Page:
When it comes to many factors in the modern-day, nothing gets done well without an assessment of risk. In the shipping market especially, there is a definite risk assessment—more specifically, an assessment of credit risks.
Risk management, while it accounts for your credit, is nothing out of the ordinary in different businesses, specifically when it's something like shipping companies.
It's not just about reducing risk. It's about taking it, too. It's not so much about defense but more about offense in order for shipping companies to survive.
Especially when deciding whether to finance or not, nerves about credit risk could and should come up. Even in something much older than the modern vehicle, like a shipping company.
If you've ever wondered about the credit risks associated with commercial shipping companies, we're here to show what they are and why, ultimately, you shouldn't worry.
What Exactly Are Credit Risks?
This is mostly defined as the possible loss of something happening to an individual because of another's failure to meet the terms of a deal or make required payments.
This can come in the form of either postponing or otherwise leaving their dealings incomplete and unable to move forward, thereby breaking a contractual obligation in the process.
So, most of the time, before entering this kind of agreement, firms will evaluate the possible party for their capacity to fulfill their deals. They suss out if their reputation proceeds them in terms of trustworthiness.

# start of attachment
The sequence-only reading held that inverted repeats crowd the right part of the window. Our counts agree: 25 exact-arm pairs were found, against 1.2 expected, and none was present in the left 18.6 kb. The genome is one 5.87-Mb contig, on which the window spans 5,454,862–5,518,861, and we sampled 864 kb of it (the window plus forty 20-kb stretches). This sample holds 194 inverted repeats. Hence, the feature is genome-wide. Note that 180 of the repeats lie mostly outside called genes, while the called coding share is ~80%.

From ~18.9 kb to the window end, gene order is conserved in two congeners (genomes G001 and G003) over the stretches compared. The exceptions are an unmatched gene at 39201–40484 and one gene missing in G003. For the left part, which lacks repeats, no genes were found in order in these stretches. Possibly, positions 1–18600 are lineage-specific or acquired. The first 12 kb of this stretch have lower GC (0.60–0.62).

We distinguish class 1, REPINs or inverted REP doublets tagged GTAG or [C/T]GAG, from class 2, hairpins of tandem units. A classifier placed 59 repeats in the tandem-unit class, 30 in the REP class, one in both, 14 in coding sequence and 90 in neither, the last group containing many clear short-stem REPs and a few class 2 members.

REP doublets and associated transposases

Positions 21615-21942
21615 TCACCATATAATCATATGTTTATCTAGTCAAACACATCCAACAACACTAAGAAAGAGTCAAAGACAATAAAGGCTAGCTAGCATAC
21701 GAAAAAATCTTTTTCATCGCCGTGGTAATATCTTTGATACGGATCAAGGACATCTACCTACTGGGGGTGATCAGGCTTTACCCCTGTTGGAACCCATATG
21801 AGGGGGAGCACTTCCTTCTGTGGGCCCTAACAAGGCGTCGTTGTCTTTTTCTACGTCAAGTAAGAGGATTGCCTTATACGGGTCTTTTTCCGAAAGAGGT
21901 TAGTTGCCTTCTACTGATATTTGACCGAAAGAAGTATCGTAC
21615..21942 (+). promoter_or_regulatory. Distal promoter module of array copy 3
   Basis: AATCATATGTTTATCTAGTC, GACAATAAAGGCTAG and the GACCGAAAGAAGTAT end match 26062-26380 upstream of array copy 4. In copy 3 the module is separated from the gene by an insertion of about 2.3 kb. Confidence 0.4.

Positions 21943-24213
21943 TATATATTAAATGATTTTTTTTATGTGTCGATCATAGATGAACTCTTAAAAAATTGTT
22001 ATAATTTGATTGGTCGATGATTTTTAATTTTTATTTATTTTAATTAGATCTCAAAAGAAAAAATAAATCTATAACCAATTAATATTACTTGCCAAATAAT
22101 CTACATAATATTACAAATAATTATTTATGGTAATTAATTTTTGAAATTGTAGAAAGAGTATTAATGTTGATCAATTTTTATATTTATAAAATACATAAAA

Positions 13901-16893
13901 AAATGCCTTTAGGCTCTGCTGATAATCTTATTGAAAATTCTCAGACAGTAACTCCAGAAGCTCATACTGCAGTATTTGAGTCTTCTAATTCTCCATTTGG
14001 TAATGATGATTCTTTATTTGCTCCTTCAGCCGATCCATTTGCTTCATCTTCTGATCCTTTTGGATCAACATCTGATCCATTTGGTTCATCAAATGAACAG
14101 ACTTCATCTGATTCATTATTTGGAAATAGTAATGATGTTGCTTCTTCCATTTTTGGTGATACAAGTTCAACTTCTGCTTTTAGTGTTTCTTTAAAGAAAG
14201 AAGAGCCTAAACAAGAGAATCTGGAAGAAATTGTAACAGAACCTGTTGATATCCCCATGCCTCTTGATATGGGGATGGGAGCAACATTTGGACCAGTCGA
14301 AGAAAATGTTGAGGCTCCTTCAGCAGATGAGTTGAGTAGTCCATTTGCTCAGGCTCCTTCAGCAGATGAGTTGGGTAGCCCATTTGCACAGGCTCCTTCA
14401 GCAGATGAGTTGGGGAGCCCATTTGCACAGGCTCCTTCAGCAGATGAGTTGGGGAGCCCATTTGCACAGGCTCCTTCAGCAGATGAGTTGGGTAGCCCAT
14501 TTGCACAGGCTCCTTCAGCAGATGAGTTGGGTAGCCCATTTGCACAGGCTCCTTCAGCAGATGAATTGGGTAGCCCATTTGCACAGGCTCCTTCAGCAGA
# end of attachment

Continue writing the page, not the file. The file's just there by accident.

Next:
Moving forward, we're going to discuss the source and cause of credit risk in shipping and the different types of credit risk thereof.
Default credit risk is commonly known as the possibility or chance that a company or individual will be unable to make required payments, usually on a debt obligation or redemption values of a bond.
Lenders (or in this case, investors) are almost always exposed to this type of risk in any given business deal. Default means that there is a chance that the obligation will fall through.
At times, default risk can change due to outside factors, such as a flailing economy, or more often than not, a change in the financial health of a company.
The kicker here is that although the high is concerning, higher risk can lead to a higher return and end in a higher interest rate.
This is exactly as it sounds, as downgrade risk means a financial loss to an individual due to another's down sliding credit status.
This term usually refers to when a specific security is triggered by a piece of qualitative and quantitative information. And that can lead to a decrease in the financial valuation of that security.
A downgrade can happen to a stock because of the deteriorating fundamentals of the company or the changing favor of the current marketplace or macro-environment.
Although a downgrade may lead to a decrease in contract value, it usually does not, however, lead to a default—thereby undercutting some of the risks involved in investing and when downgrading occurs.
Credit Spread Risk